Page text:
Pandemics often presage a recession, if not a depression. There is a tendency for society to believe that the infamous “Great Depression” was the worst economic collapse in history, and will note that it was not kicked off by a pandemic. These people are wrong. The greatest depression in history was started by the Plague and is known as “The Dark Ages.” That depression lasted 300 years.
Of course, everything moves faster nowadays. Someone in Australia will read this post seconds after it’s posted. It will not take 300 years to get out of anything (other than perhaps climate change) in the year 2021. The problem is that our technology and interconnectedness can actually act as an accelerant with respect to any economic ramifications from Omicron’s contagiousness. In other words, we can get into a severe depression much more quickly than possible in the year 1100 and it can begin with an inability for people to get around at the speed our economy requires.
The picture is ugly, according to Business Insider:
Mass flight cancellations have hit travelers for the sixth consecutive day amid rising levels of airline staff sickness and bad weather in parts of the US.
As of Wednesday morning, 2,212 flights set to depart that day had been canceled, according to figures from the flight-tracking website FlightAware. Data from the website suggests that about 15,000 flights have been canceled since Friday morning.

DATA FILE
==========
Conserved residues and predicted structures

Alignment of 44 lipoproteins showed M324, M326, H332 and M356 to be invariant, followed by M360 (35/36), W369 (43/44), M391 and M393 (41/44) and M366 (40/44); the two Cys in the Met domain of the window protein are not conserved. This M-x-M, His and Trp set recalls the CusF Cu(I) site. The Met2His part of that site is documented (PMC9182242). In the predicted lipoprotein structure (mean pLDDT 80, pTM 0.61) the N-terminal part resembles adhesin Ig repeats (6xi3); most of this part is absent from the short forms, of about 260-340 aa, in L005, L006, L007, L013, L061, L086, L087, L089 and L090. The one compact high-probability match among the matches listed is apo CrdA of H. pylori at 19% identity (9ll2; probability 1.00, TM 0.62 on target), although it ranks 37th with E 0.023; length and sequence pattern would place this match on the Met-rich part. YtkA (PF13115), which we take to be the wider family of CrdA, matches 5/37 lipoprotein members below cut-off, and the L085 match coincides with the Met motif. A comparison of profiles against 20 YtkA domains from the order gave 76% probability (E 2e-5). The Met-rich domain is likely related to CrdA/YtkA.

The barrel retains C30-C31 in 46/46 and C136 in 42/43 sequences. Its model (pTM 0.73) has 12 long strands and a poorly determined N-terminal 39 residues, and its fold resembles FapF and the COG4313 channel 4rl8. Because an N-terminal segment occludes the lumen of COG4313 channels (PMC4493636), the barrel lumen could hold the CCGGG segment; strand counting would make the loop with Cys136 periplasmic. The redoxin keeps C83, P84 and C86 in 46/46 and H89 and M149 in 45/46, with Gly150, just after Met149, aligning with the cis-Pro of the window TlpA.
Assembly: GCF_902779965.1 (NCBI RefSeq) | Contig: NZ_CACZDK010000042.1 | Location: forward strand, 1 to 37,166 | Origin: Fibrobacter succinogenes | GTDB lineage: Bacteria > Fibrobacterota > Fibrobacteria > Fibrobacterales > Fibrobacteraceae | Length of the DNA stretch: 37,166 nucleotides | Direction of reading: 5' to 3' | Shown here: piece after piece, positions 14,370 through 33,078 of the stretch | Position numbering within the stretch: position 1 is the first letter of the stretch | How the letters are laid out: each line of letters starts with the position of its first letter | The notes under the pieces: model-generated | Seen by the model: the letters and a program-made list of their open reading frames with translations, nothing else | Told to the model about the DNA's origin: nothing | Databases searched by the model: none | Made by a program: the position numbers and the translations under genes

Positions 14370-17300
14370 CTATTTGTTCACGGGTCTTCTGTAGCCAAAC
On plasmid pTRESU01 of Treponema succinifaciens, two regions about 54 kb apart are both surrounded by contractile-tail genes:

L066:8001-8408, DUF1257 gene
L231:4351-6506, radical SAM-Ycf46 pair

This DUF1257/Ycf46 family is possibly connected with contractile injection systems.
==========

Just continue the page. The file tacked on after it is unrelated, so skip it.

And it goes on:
Take the picture above and expand it across the economy. Austin, Texas just went back to Stage IV protocols. The Republicans like to blame inflation upon Joe Biden. They need only look at all those planes on the ground, planes that would otherwise be filled with people traveling for business, carrying cargo, and analogize to cargo planes, ships, trains, and you get the picture.
Goods are expensive because there are fewer healthy people to produce them, transport them, and then sell them. From an economic perspective alone, the MAGAs should want everyone vaccinated. Vaccinations won’t keep a person from testing positive for the virus. But it’s far more likely to keep one’s symptoms down to a runny nose, and cough for three days, rather than a 30 day stay in the ICU.
It doesn’t take an economist to see that trouble could be brewing, worse than that which we’ve already seen. But the problem is still an awfully nuanced analysis for a party with a platform in which the second-highest priority is saying “Let’s Go Brandon” whenever one can get away with it and giggle (Priority One is pleasing Trump, of course).
Omicron’s contagiousness could force the country into a situation where we are absolutely forced to work together to keep our heads above water. The problem, of course, is that we’ve been in that same dynamic for two years now and we’ve been unable to pull it off yet. Indeed, in some ways, it’s our politics that has kept us all grounded, and not in a positive way.
Jason Miciak is a political writer, features writer, author, and attorney. He is originally from Canada but grew up in the Pacific Northwest as a dual Canadian-American citizen, which he grows increasingly thankful for every day. He now enjoys life as a single dad, writing from the beaches of the Gulf Coast, getting advice from his beloved daughter and teammate. He is very much the dreamy mystic that cannot add and loves dogs more than most people. He also likes studying cooking, theoretical physics, cosmology, and quantum mechanics. He likes pizza.
Please visit his Substack Newsletter, get the first month free: Much Ado About Everything: By Jason Miciak